26. Poisonous to Mammals: In a study with GM potatoes, spliced with DNA from the snowdrop plant and a viral promoter (CaMV), the resulting plant was poisonous to mammals (rats) – damaging vital organs, the stomach lining and immune system. CaMV is a pararetrovirus. It can reactivate dormant viruses or create new viruses – as some presume have occurred with the AIDES epidemic. CaMV is promiscuous, why biologist Mae Wan-Ho concluded that “all transgenic crops containing CaMV 35S or similar promoters which are recombinogenic should be immediately withdrawn from commercial production or open field trials. All products derived from such crops containing transgenic DNA should also be immediately withdrawn from sale and from use for human consumption or animal feed.”
27. Animal Abuse: Pig number 6706 was supposed to be a “superpig.” It was implanted with a gene to become a technological wonder. But it eventually became a “supercripple” full of arthritis, cross-eyed, and could barely stand up with its mutated body. Some of these mutations seem to come right out of Greek mythology – such as a sheep-goat with faces and horns of a goat and the lower body of a sheep. Two US biotech companies are producing genetically modified birds as carriers for human drug delivery – without little concern for animal suffering. Gene Works of Ann Arbor, Michigan has up to 60 birds under “development.” GM products, in general, allow companies to own the rights to create, direct, and orchestrate the evolution of animals.
28. Support of Animal Factory Farming: Rather than using the best of scientific minds to end animal factory farming – rapid efforts are underway to develop gene-modified animals that better thrive in disease-promoting conditions of animal factory farms.
29. Genetic Pollution: Carrying GM pollen by wind, rain, birds, bees, insects, fungus, bacteria – the entire chain of life becomes involved. Once released, unlike chemical pollution, there is no cleanup or recall possible. As mentioned, pollen from a single GM tree has been shown to travel 1/5th of the length of the United States. Thus there is no containing such genetic pollution. Experiments in Germany have shown that engineered oilseed rape can have its pollen move over 200 meters. As a result German farmers have sued to stop field trials in Berlin. In Thailand, the government stopped field tests for Monsanto’s Bt cotton when it was discovered by the Institute of Traditional Thai Medicine that 16 nearby plants of the cotton family, used by traditional healers, were being genetically polluted. US research showed that more than 50% of wild strawberries growing inside of 50 meters of a GM strawberry field assumed GM gene markers. Another showed that 25-38% of wild sunflowers growing near GM crops had GM gene markers. A recent study in England showed that despite the tiny amount of GM plantings there (33,750 acres over two years compared to 70-80 million acres per year in the US) wild honey was found to be contaminated. This means that bees are likely to pollinate organic plants and trees with transgenic elements. Many other insects transport the by-products of GM plants throughout our environment, and even falling leaves can dramatically affect the genetic heritage of soil bacteria. The major difference between chemical pollution and genetic pollution is that the formereventually is dismantled or decays, while the later can reproduce itself forever in the wild. As the National Academy of Science’s report indicated – “the containment of crop genes is not considered to be feasible when seeds are distributed and grown on a commercial scale.” Bioengineering firms are also developing fast growing salmon, trout, and catfish as part of the “blue revolution” in aquaculture. They often grow several times faster (6x faster for salmon) and larger in size (up to 39X) so as to potentially wipe out their competitors in the wild. There are no regulations for their safe containment to avoid ecological disasters. They frequently grow in “net pens,” renown for being torn by waves, so that some will escape into the wild. If so, commercial wild fish could be devastated according to computer models in a study of the National Academy of Sciences by two Purdue University scientists (William Muir and Richard Howard). All of organic farming – and farming per se – may eventually be either threatened or polluted by this technology.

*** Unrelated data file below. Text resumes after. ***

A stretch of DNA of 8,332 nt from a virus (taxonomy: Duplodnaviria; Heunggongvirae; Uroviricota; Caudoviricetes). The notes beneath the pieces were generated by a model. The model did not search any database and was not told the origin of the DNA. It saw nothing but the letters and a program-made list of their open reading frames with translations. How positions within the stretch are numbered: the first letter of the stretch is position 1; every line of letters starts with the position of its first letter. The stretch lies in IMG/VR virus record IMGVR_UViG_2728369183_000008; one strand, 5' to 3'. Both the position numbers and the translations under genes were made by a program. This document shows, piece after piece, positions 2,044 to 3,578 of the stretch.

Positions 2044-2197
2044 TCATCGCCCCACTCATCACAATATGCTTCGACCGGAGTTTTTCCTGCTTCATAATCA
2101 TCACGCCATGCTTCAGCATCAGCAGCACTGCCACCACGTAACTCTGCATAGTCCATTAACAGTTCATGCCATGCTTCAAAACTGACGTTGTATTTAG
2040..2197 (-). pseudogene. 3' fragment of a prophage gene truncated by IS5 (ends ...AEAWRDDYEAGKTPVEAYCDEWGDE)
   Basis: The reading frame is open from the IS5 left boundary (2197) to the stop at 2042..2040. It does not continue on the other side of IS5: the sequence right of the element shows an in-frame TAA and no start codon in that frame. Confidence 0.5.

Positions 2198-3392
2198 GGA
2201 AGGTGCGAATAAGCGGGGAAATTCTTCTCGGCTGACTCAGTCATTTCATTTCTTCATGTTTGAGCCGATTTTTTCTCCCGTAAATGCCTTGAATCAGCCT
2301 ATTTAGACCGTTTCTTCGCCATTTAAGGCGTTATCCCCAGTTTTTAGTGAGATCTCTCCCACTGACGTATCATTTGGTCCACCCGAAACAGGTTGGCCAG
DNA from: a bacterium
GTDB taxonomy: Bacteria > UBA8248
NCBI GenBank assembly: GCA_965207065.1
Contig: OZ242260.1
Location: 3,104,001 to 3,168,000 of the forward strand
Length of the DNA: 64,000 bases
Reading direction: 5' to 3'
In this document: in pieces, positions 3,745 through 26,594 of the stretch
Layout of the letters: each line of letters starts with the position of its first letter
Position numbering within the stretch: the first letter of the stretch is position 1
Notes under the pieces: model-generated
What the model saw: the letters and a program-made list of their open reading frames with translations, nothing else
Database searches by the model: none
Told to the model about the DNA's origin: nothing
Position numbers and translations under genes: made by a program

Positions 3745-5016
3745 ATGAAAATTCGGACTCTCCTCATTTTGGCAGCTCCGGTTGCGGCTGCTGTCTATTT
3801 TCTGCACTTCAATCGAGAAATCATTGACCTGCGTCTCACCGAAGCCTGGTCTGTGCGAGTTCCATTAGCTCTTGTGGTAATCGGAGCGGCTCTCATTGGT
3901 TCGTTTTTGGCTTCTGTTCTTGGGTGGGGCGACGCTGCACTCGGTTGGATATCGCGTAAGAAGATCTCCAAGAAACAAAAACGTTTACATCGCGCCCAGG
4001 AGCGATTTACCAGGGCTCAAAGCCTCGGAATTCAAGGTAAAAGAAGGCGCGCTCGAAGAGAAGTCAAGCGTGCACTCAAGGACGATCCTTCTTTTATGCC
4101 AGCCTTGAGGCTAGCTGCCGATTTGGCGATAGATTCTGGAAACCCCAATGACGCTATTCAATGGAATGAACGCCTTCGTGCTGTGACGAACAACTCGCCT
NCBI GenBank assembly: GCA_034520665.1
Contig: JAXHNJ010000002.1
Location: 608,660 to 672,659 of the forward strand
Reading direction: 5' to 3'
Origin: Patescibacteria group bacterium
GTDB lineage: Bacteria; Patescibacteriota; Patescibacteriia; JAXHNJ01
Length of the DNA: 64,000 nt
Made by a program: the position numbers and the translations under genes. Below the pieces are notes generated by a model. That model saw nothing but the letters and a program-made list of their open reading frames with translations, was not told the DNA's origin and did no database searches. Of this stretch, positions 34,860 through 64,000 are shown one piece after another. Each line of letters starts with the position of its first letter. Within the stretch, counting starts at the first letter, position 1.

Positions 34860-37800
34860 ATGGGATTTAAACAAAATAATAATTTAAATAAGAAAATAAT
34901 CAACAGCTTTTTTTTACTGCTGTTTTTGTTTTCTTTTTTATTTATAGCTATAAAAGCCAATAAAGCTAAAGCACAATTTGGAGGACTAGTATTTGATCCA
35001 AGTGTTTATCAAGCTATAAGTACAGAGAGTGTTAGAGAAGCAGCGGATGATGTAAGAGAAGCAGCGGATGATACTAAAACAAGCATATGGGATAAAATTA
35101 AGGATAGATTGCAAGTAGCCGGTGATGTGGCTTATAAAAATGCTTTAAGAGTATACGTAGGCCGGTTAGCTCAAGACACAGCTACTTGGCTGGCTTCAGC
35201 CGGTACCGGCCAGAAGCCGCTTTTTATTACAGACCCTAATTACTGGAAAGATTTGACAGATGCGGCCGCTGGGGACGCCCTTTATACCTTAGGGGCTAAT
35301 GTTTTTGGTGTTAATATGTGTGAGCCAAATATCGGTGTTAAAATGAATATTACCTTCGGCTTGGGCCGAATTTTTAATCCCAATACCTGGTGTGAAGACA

30. Disturbance of Nature’s Boundaries: Genetic engineers argue that their creations are no different than crossbreeding. However, natural boundaries are violated – crossing animals with plants, strawberries with fish, grains, nuts, seeds, and legumes with bacteria, viruses, and fungi; or like human genes with swine.
31. Unpredictable Consequences of a Gunshot Approach: DNA fragments are blasted past a cell’s membrane with a “gene gun” shooting in foreign genetic materials in a random, unpredictable way. According to Dr. Richard Lacey, a medical microbiologist at the University of Leeds, who predicted mad cow disease, “wedging foreign genetic material in an essentially randommanner…causes some degree of disruption…It is impossible to predict what specific problems could result.” This view is echoed by many other scientists, including Michael Hansen, Ph.D., who states that “Genetic engineering, despite the precise sound of the name, is actually a very messy process.”
IMPACT ON FARMING
“The decline in the number of farms is likely to accelerate in the coming years…gene-splicing technologies… change the way plants and animals are produced.”
Small Farm Livelihood and Survival